How Zara fashions its supply chain
Home is where the heart is
ouis Grestner Junior once said that everything starts with the customer; and while few would argue with the former IBM CEO, ensuring that the right products end up with the customer is arguably even more important. However, this will only occur if the supply chain is efﬁcient enough to make the journey from factory to shelf as smooth as possible.
You would be forgiven for assuming that such a task should pose few problems. However, customers are notoriously strange creatures and habits can be short lived. Throw in the fact that trends inevitably come and go – some much quicker than others – and it becomes obvious that the success of any organization will depend heavily on its ability to meet demands and respond quickly to ﬂuctuations and change.
Sainsbury’s and the bare necessities
Get it wrong and the consequences can be painful – as Sainsbury’s discovered to its considerable cost. Only a decade or so after being the UK’s leading supermarket, a lack of investment had already left the company trailing in the wake of rivals Tesco and Asda. It goes without saying that the last thing Sainsbury’s needed was for its new, automated supply chain to fail. However, empty shelves in its stores were testimony that it did. Any supermarket knows that poor stock availability is a cardinal sin and even the slickest marketing becomes impotent when the products involved are buried away in some depot instead of being at the end of the supply chain that matters. In this case, some Sainsbury outlets struggled to even provide an acceptable percentage of staple products. Dissatisﬁed customers understandably went elsewhere and, in late 2004, the company posted its ﬁrst ever loss. Rather ironic since many retailers believe that modifying the supply chain is one way of dramatically trimming expenses.
‘‘ Any supermarket knows that poor stock availability is a cardinal sin and even the slickest marketing becomes impotent when the products involved are buried away in some depot instead of being at the end of the supply chain that matters. ’’
VOL. 21 NO. 10 2005, pp. 28-31, Q Emerald Group Publishing Limited, ISSN 0258-0543
going for broke in one fell swoop will inevitably be fraught with danger when it essentially requires the fusing of various operations around products that have a limited shelf life. ’’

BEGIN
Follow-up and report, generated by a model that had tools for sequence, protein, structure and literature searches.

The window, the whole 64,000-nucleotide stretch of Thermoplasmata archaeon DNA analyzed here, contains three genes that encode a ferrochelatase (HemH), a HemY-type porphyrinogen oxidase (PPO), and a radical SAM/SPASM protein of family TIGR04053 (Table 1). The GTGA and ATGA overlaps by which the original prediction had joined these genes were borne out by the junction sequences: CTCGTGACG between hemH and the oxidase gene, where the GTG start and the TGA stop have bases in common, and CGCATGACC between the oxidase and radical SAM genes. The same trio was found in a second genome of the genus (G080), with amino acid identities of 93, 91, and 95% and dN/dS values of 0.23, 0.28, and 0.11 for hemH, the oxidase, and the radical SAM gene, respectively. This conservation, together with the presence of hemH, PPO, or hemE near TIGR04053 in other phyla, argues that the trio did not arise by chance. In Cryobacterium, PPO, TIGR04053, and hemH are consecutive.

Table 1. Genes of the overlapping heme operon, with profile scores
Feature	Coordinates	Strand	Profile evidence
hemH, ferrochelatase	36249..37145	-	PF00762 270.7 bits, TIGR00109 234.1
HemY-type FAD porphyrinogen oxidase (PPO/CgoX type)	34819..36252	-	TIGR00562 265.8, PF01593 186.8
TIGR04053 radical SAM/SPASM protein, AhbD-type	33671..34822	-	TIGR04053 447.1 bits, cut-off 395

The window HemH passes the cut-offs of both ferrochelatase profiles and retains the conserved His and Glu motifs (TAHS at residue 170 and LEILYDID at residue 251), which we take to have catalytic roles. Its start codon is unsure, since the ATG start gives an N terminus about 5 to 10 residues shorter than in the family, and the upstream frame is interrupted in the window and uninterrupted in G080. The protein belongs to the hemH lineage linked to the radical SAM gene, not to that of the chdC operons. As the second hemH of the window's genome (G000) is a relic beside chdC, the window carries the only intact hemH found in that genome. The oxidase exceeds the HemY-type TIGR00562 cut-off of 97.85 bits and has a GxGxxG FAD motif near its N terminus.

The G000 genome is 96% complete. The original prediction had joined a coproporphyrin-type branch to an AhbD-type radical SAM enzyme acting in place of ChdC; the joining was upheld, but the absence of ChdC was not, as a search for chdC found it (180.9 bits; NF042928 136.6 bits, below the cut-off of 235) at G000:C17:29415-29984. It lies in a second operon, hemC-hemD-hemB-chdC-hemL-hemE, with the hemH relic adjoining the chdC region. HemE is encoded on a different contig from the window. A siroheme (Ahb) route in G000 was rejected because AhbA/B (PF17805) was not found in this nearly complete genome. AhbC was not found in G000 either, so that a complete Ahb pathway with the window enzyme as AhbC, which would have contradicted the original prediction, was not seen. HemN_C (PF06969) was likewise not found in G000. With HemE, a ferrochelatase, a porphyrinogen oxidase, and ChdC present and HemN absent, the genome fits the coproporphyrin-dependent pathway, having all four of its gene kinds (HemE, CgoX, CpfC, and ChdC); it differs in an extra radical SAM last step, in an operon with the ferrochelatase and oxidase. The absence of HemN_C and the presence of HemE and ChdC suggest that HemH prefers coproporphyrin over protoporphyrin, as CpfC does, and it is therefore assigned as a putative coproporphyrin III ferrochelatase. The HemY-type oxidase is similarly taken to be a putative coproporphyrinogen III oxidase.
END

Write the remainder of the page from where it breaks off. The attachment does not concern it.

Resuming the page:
So where did Sainsbury’s go so badly wrong? Perhaps at least part of the answer lies in the old saying that ‘‘great haste makes great waste’’. Even more painful is the fact that much of the £3 billion invested in the automated system has had to be written off. However. is that the NDC was introduced to support rather than replace eight smaller depots. its dependence on just-in-time (JIT) replenishment was equally ﬂawed because the accuracy of such a predictive model is highly questionable. Highly impressive stuff but what happens when things go wrong? Prevention is invariably better than cure and it is no different here. This all adds weight to the belief that supermarkets and technology do not always mix.
Heinz: getting the best out of technology
However. It cannot. At peak times.
We all know that Rome was not built in a day and Sainsbury’s should have remembered this.6 million cases. the NDC depends heavily on automation to serve Heinz and its customers. technology can play an important role in supply chain management and Heinz’s 350. The sellout to technology saw Sainsbury’s reduce its number of distribution centers in favor of four giant warehouses. going for broke in one fell swoop will inevitably be fraught with danger when it essentially requires the fusing of various operations around products that have a limited shelf life. 21 NO. Sainsbury’s has been forced to eat a large slice of humble pie and go back to basics. The depot usually operates over six days each week to handle around 1.‘‘ Besides. It is understandable that Sainsbury’s would see reducing the amount of stock carried by its stores as a way to tackle shrinkage. What was the consequence of this? When the system could not satisfy demand. Haste was certainly the name of the game here because the company: